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§ 4. The communicative properties of sentences can further be exposed in the light of the theory of actual division of the sentence.

The actual division provides for the informative content of the utterance to be expressed with the due gradation of

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its parts according to the significance of their respective role in the context. But any utterance is formed within the framework of the system of communicative types of sentences. And as soon as we compare the communication-purpose aspect of the utterance with its actual division aspect we shall find that each communicative sentence type is distinguished by its specific actual division features, which are revealed first and foremost in the nature of the rheme as the meaningful nucleus of the utterance.

The strictly declarative sentence immediately expresses a certain proposition. By virtue of this, the actual division of the declarative sentence presents itself in the most developed and complete form. The rheme of the declarative sentence makes up the centre of some statement as such. This can be distinctly demonstrated by a question-test directly revealing the rhematic part of an utterance. Cf.: The next instant she had recognised him. → What had she done the next instant?

The pronominal what-question clearly exposes in the example the part "(had) recognised him" as the declarative rheme, for this part is placed within the interrogative-pronominal reference. In other words, the tested utterance with its completed actual division is the only answer to the cited potential question; the utterance has been produced by the speaker just to express the fact of "his being recognised".

Another transformational test for the declarative rheme is the logical superposition. The logical superposition consists in transforming the tested construction into the one where the rheme is placed in the position of the logically emphasised predicate. By way of example let us take the second sentence in the following sequence: And I was very uneasy. All sorts of forebodings assailed me.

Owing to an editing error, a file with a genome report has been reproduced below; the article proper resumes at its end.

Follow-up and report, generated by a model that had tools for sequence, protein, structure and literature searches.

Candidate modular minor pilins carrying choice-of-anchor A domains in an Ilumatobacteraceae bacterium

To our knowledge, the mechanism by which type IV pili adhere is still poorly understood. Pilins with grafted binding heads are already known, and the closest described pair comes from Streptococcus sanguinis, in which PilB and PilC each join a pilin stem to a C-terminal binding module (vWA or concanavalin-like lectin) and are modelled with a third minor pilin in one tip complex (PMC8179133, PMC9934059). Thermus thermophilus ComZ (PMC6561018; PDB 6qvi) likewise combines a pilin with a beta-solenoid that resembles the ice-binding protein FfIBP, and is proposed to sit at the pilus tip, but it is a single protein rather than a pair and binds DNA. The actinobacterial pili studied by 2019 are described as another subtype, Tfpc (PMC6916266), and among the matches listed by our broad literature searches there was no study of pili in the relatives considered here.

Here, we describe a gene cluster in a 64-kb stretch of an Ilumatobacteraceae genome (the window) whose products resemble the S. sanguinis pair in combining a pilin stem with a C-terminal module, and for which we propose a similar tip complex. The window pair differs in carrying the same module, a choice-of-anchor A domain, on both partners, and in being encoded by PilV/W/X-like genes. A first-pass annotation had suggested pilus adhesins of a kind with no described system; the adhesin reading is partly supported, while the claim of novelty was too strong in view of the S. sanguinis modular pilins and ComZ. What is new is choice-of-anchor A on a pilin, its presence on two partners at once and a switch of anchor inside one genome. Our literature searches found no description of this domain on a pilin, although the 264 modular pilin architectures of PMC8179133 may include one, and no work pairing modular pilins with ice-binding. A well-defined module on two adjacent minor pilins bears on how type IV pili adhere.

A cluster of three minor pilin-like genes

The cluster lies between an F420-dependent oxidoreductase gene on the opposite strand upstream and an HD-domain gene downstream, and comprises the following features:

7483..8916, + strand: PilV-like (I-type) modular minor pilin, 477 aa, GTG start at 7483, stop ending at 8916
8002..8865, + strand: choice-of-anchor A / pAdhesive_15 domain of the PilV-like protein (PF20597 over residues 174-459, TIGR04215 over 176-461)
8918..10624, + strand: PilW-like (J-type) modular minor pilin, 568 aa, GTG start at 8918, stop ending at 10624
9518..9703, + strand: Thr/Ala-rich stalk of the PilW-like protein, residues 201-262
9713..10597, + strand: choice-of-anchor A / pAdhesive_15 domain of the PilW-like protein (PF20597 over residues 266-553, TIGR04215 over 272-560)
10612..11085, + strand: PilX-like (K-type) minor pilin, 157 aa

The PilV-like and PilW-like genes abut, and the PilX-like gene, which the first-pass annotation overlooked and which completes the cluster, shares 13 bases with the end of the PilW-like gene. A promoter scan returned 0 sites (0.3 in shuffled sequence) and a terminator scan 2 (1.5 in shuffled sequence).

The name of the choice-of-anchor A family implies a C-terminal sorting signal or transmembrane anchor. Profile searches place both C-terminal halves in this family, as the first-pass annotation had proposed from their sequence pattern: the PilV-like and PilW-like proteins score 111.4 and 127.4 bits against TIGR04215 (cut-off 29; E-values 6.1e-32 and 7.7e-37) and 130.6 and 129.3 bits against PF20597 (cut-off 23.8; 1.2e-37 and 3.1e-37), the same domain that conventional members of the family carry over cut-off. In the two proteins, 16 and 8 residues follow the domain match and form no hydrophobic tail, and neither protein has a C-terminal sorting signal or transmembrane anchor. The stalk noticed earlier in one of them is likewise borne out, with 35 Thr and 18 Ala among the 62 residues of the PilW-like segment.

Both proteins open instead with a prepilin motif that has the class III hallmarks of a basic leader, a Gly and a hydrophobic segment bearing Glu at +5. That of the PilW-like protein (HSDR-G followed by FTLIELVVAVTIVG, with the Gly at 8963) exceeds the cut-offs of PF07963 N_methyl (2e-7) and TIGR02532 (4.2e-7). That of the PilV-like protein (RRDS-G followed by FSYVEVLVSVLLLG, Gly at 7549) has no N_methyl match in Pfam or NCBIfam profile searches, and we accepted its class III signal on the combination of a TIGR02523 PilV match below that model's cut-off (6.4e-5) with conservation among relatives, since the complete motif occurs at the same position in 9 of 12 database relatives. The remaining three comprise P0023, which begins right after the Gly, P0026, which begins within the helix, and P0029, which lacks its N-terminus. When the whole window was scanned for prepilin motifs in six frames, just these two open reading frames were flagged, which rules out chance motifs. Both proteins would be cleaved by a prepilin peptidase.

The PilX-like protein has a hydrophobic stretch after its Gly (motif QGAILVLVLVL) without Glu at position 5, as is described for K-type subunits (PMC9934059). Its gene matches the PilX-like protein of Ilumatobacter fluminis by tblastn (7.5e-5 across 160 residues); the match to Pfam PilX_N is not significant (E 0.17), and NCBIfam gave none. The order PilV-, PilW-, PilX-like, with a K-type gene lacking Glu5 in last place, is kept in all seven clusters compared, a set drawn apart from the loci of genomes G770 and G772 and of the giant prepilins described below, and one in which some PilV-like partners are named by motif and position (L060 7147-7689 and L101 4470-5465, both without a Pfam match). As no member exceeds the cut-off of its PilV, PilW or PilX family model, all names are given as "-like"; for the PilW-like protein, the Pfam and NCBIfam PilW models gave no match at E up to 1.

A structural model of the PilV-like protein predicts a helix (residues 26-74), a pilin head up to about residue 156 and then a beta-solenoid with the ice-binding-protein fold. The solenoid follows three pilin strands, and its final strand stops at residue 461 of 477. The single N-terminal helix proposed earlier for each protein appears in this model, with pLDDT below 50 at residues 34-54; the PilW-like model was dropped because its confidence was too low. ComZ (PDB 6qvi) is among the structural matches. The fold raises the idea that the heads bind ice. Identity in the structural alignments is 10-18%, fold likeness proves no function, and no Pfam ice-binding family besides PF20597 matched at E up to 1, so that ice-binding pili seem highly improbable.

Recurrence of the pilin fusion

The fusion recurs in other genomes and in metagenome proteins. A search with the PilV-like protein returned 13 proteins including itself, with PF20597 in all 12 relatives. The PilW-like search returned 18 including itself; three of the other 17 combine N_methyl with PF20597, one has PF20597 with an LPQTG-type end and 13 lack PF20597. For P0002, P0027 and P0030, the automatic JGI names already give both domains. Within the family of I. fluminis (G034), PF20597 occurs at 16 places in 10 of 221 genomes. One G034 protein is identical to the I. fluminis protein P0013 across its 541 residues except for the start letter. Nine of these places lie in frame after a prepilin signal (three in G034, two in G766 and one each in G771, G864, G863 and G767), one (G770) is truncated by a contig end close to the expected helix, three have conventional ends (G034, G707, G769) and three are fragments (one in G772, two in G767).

The logical superposition of the utterance is effected thus: → What assailed me was all sorts of forebodings.

This test marks out the subject of the utterance "all sorts of forebodings" as the rheme, because it is just this part of the utterance that is placed in the emphatic position of the predicate in the superpositional transform.

Similar diagnostic procedures expose the layer-structure of the actual division in composite syntactic constructions. For instance, in the following complex sentence rhematic question-tests easily reveal the three declarative rhemes on the three consecutive syntactic layers: I knew that Mr, Wade had been very excited by something that he had found out.

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Test for the first syntactic layer: What did I know?

Test for the second syntactic layer: What state was Mr. Wade in?

Test for the third syntactic layer: What made him excited? (By what was he excited?)

The strictly imperative sentence, as different from the strictly declarative sentence, does not express by its immediate destination any statement of fact, i.e. any proposition proper. It is only based on a proposition, without formulating it directly. Namely, the proposition underlying the imperative sentence is reversely contrasted against the content of the expressed inducement, since an urge to do something (affirmative inducement) is founded on the premise that something is not done or is otherwise not affected by the wanted action, and, conversely, an urge not to do something (negative inducement) is founded on the directly opposite premise. Cf.:

Let's go out at once! (The premise: We are in.) Never again take that horrible woman into your confidence, Jerry! (The premise: Jerry has taken that horrible woman into his confidence.)

Thus, the rheme of the imperative utterance expresses the informative nucleus not of an explicit proposition, but of an inducement — a wanted (or unwanted) action together with its referential attending elements (objects, qualities, circumstances).

Due to the communicative nature of the inducement addressed to the listener, its thematic subject is usually zeroed, though it can be represented in the form of direct address. Cf.:

Don't try to sidetrack me (J. Braine). Put that dam* dog down, Fleur; I can't see your face (J. Galsworthy). Kindly tell me what you meant, Wilfrid (J. Galsworthy).

Inducements that include in the address also the speaker himself, or are directed, through the second person medium, to a third person (persons) present their thematic subjects explicit in the construction. E.g.:

I say, Bob, let's try to reconstruct the scene as it developed. Please don't let's quarrel over the speeds now. Let her produce the document if she has it.

The whole composition of an ordinary imperative utterance is usually characterised by a high informative value,

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